The Hardest Thing I Ever Did was Nothing

I lived in Japan for 10 years and worked as a management consultant setting up the branch offices of Fortune 500 companies in Tokyo, Osaka, and other parts of Asia.  This allowed me to make a great living and to spend a great deal of my hard-earned Yen training with many of the premier martial arts masters of the day.  In addition to the tough physical training of the martial arts, I also regularly practiced Zen meditation.

While living in Japan, I attended a week-long Zen meditation bootcamp called “sesshin.  During sesshin, Zen practitioners eat, sleep, clean, work, live, and meditate together at a Zen temple for a week.  Besides short group lectures and brief meetings for personal direction from the Zen master, the entire sesshinbootcamp is silent.  Seated meditation, called “zazen”, is performed in 30 to 60-minute periods numerous times throughout the day separated by periods of cleaning, work, lectures, and meals.

During Zen meditation, the challenge is to quiet your mind.  To slow down.  To do…nothing.  And this is one of the hardest things — mentally, emotionally, physically, spiritually — that I ever attempted in my life.  Meditating for 20 minutes is a physical challenge.  Your legs cramp and fall asleep, your back hurts, shoulders ache, you get sleepy, your neck gets stiff, knees creak.  Mentally it’s also a killer.  Thinking you’ve completed 35 minutes of a 40-minute sit, you sneak a peak at the clock only to discover it’s been five minutes.  You’ve got 35 minutes to go.  You panic.  Your mind starts wandering, you start thinking hilariously random and bizarre thoughts, self-doubt, fear, and ego plant themselves firmly in your mind.  Imagine eight plus hours of this per day.  I remember completing the first full-day of sesshin thinking to myself, “I’ve got six more days of THIS?  What the hell have I gotten myself into?”

How did I make it through this tough situation?  How do you succeed when you are challenged physically, mentally, and emotionally?  Passion, willpower, and grit only get you so far.  My willpower and passion died out before the first full day of sesshin ended.  You need inspiring support systems and structures to ensure your success.  For example, I had over 30 capable, supportive, and highly motivated people to help me through my meditation bootcamp.  Each had distinct strengths.  Some were great motivators.  Others offered wonderful advice.  Some held me accountable to not run away in the middle of the night.  The Zen master was transformative — sitting with us, eating with us, working with us, sleeping on the same mats as us, teaching us, LEADING us.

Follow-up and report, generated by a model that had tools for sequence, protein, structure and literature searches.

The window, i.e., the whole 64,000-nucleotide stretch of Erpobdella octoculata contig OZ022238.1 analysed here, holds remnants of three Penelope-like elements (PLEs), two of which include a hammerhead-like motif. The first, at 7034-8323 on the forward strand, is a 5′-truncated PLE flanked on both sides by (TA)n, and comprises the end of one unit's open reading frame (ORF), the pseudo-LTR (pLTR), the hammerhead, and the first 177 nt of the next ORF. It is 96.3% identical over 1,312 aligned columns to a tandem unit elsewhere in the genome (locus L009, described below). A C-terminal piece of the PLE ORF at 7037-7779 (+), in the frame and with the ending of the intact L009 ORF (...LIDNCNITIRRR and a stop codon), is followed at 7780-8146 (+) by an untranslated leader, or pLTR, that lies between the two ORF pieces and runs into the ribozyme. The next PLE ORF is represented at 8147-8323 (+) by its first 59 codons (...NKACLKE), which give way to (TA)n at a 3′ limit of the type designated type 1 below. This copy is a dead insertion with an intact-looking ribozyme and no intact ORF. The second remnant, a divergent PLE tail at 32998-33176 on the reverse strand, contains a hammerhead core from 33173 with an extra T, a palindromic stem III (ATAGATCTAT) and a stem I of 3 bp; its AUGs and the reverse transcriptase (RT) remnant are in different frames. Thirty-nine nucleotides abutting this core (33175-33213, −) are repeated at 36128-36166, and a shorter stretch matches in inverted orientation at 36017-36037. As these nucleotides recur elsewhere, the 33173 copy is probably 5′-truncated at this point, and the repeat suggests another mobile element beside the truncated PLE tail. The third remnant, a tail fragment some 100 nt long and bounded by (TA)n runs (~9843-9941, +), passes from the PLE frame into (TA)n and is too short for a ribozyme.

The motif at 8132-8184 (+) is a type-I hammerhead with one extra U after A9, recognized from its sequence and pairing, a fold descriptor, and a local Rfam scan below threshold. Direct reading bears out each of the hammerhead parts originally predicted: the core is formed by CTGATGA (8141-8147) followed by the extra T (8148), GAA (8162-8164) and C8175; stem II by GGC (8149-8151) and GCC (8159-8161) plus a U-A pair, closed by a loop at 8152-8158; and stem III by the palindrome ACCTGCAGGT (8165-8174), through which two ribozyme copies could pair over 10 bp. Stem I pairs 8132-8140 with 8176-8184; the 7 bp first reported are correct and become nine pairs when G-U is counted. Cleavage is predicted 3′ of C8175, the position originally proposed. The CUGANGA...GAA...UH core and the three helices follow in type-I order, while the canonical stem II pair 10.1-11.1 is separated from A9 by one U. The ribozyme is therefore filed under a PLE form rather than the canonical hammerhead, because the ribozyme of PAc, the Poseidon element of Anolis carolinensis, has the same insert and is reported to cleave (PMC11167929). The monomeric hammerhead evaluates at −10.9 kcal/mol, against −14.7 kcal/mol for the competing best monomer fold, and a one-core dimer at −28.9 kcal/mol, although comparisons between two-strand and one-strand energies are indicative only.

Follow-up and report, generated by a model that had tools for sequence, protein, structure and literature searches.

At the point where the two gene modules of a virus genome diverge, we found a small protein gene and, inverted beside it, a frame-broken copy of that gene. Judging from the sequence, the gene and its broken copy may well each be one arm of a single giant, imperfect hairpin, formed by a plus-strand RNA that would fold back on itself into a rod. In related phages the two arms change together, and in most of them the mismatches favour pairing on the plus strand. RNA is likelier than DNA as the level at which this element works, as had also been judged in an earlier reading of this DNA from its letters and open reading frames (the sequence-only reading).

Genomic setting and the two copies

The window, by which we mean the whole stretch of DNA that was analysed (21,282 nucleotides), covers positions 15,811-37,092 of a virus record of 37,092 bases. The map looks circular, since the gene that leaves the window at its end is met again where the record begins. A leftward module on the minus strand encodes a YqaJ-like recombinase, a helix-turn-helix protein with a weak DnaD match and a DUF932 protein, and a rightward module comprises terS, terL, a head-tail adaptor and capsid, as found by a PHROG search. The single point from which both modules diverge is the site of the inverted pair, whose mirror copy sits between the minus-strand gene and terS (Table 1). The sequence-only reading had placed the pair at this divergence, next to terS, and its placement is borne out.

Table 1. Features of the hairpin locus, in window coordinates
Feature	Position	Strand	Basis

In addition to the great people, I was surrounded by other inspiring systems and structures to ensure my success.  Like software in the cloud, these elegant systems were everywhere.  Hundreds of years old, the Zen temple was designed to be pleasing to the eye.  To be open to the surrounding wooded environment, yet able to be protected from the elements.  The wooden beams and floor, sliding paper “shoji” screens, and the straw “tatami” mats all combined to create an intoxicating aroma of enlightenment.  The meditation cushions and benches were high-quality and, quite literally, supported us properly for hours of seated meditation.  Every silent, inspiring system made it easier for me to succeed, allowed me to get through the next day, supported me in achieving my meditation goals.  Allowed me to make empowered decisions.  Helped me overcome my fear and ego.

And I did it.  I made it through the week-long meditation bootcamp.  Without those inspiring support systems and structures to ensure my success — the people and elegant systems — I would not have made it through the entire week.  Passion, willpower, and grit are absolutely necessary for success.  Combine that with inspiring support systems and structures, and your success is guaranteed.  Whether you are attempting your first week long meditation bootcamp, starting a new business, selling one, or struggling in your personal and professional life, have a look:  Are you surrounded by the people and elegant systems you need to be successful?  Are you inspired and excited by them?  If not, what are you going to do about it?